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JGM, Solicitor
Category: Scots Law
Satisfied Customers: 12072
Experience:  30 years as a practising solicitor.
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My daughter lives with her partner in rented accommodation,

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My daughter lives with her partner in rented accommodation, and has been in this relationship for 5 years. They are not married and are not in a civil partnership.
If I were to give my daughter the funds to buy a home which would be in her sole name,what, if any claim, would her partner have on this property were they to separate at a later date.
They both live in Scotland.
Thank you for your question.
He has no claim on the house but if he makes a substantial contribution to the relationship as a result of which he is "financially disadvantaged" he could seek a capital payment from your daughter. For example , if she has paid for the house and it's in her name and he were to pay for a conservatory, technically she would own the conservatory so he would be financially disadvantaged were they to separate so he would have a claim for recompense.
This would either be under common law (unjust enrichment) or statute (1986 Act section 28).
I hope this helps. Please leave a positive response so that I am credited for my time.
Customer: replied 3 years ago.

Thank you for your reply.

I understand the scenario you described but could he claim to be " financially disadvantaged" by simply sharing the general household expenses ? if:-

(a) these expenses excluded any element of repaying the house loan from me.

(b)the general household expenses included the repayments of the house loan from me.

(c)In the event of my daughter ceasing work to start a family and her partner was the sole breadwinner would that constitute him being " financially disadvantaged" in the event of any separation.

How is the term "substantial contribution" defined in law ie would it include any or all of the positions outlined at (a) - (c) above.


Repayment of the loan on the family home in whole or in part would be a situation where he could claim to be financially disadvantaged as he is paying towards a loan for a property which he has no title to. Offset against that would be the fact that he would presumably have to pay rent or a mortgage elsewhere for accommodation if he was not living in this property.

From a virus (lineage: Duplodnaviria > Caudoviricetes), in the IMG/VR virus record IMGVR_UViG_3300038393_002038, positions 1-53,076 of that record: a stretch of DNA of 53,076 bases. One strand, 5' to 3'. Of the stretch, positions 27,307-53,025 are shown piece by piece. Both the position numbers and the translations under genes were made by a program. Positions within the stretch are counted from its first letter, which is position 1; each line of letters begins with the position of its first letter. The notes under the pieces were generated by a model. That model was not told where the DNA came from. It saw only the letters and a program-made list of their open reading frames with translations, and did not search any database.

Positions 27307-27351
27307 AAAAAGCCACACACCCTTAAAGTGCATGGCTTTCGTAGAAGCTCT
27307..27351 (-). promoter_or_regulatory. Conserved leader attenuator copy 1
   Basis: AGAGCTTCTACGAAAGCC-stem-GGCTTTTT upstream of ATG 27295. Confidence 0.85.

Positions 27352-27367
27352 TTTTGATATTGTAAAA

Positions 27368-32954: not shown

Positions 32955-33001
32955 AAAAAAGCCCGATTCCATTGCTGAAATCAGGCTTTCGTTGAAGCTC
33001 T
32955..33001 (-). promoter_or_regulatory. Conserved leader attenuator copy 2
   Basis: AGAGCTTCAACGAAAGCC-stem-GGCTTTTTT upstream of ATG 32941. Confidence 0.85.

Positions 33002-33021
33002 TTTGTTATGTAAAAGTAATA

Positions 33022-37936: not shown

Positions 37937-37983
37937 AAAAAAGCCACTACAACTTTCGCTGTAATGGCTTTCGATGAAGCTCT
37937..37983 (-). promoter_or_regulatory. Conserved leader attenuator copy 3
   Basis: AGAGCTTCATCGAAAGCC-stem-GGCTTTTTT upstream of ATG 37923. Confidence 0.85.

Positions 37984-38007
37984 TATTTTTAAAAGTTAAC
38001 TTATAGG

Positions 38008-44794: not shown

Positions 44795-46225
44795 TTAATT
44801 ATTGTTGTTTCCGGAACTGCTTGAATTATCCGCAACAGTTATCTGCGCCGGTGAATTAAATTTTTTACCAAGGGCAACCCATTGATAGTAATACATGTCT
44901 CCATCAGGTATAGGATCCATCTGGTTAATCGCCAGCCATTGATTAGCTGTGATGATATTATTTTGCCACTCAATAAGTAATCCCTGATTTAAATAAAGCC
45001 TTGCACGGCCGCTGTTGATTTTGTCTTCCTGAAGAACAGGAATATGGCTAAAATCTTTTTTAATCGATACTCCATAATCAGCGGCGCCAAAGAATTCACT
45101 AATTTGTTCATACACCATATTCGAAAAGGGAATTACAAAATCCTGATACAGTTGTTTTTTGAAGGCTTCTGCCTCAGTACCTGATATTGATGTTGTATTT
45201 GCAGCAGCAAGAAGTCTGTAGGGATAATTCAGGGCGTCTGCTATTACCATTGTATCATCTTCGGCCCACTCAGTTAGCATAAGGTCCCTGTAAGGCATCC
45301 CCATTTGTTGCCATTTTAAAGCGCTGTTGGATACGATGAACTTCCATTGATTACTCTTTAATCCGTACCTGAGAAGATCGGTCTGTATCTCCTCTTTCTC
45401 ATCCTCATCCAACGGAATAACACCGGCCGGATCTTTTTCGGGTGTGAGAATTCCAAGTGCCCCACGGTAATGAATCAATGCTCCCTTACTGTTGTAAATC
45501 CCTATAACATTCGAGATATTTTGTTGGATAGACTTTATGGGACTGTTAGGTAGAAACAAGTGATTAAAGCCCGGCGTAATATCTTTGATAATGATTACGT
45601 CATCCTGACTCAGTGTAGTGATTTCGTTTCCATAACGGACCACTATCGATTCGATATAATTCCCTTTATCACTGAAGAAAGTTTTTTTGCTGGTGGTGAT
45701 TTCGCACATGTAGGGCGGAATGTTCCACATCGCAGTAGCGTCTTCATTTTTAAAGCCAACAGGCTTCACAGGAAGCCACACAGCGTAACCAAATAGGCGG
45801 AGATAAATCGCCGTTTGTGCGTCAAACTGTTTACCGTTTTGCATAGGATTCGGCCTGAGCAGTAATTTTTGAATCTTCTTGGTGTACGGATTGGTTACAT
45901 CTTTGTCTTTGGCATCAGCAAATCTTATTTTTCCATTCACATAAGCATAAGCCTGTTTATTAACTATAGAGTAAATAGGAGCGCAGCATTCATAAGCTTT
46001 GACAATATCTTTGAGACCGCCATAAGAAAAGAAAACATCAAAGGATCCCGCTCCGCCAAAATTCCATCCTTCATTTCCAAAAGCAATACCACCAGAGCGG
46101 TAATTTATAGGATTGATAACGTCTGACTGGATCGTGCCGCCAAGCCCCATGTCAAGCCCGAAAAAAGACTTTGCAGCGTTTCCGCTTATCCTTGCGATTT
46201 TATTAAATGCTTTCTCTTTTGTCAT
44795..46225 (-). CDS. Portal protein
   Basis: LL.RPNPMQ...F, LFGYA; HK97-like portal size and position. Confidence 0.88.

There is no formula but if you read section 28 there is a balance to be struck between financial disadvantage and that being offset by other factors. The case of Gow v Grant which you can get on the Suoreme Court website is an example of judicial application of the section but every case is looked at individually.
If your daughter gave ip work and he was the sole earner then the argument for financial disadvantage is enhanced. If you follow it through if he pays the whole loan off and then they separate and he has no claim for recompense, is that fair. It is doubtful that it is.
They may want to address this in advance and enter into a cohabitation agreement.
Substantial contribution would mean "more than an incidental contribution". Again it would be defined with regard to the specifics of the particular case.
Customer: replied 3 years ago.

Thanks for your response.

Finally, can I confirm from your previous answers, that If I gifted the full amount to my daughter for her to buy a house, in her own name, and there was no element of that money being repaid


there was no significant period whereby my daughter was not working ie being supported by him


there was no " substantial contribution " of the type you described above


the only contribution made by my daughter and her partner jointly was for other general house hold expenses/ maintenance/repairs etc that would normally be incurred in maintaining any property


it would be unlikely that he could claim that he had been "financially disadvantaged" in the event of any future separation.


From your narrative that would seem to be the case.
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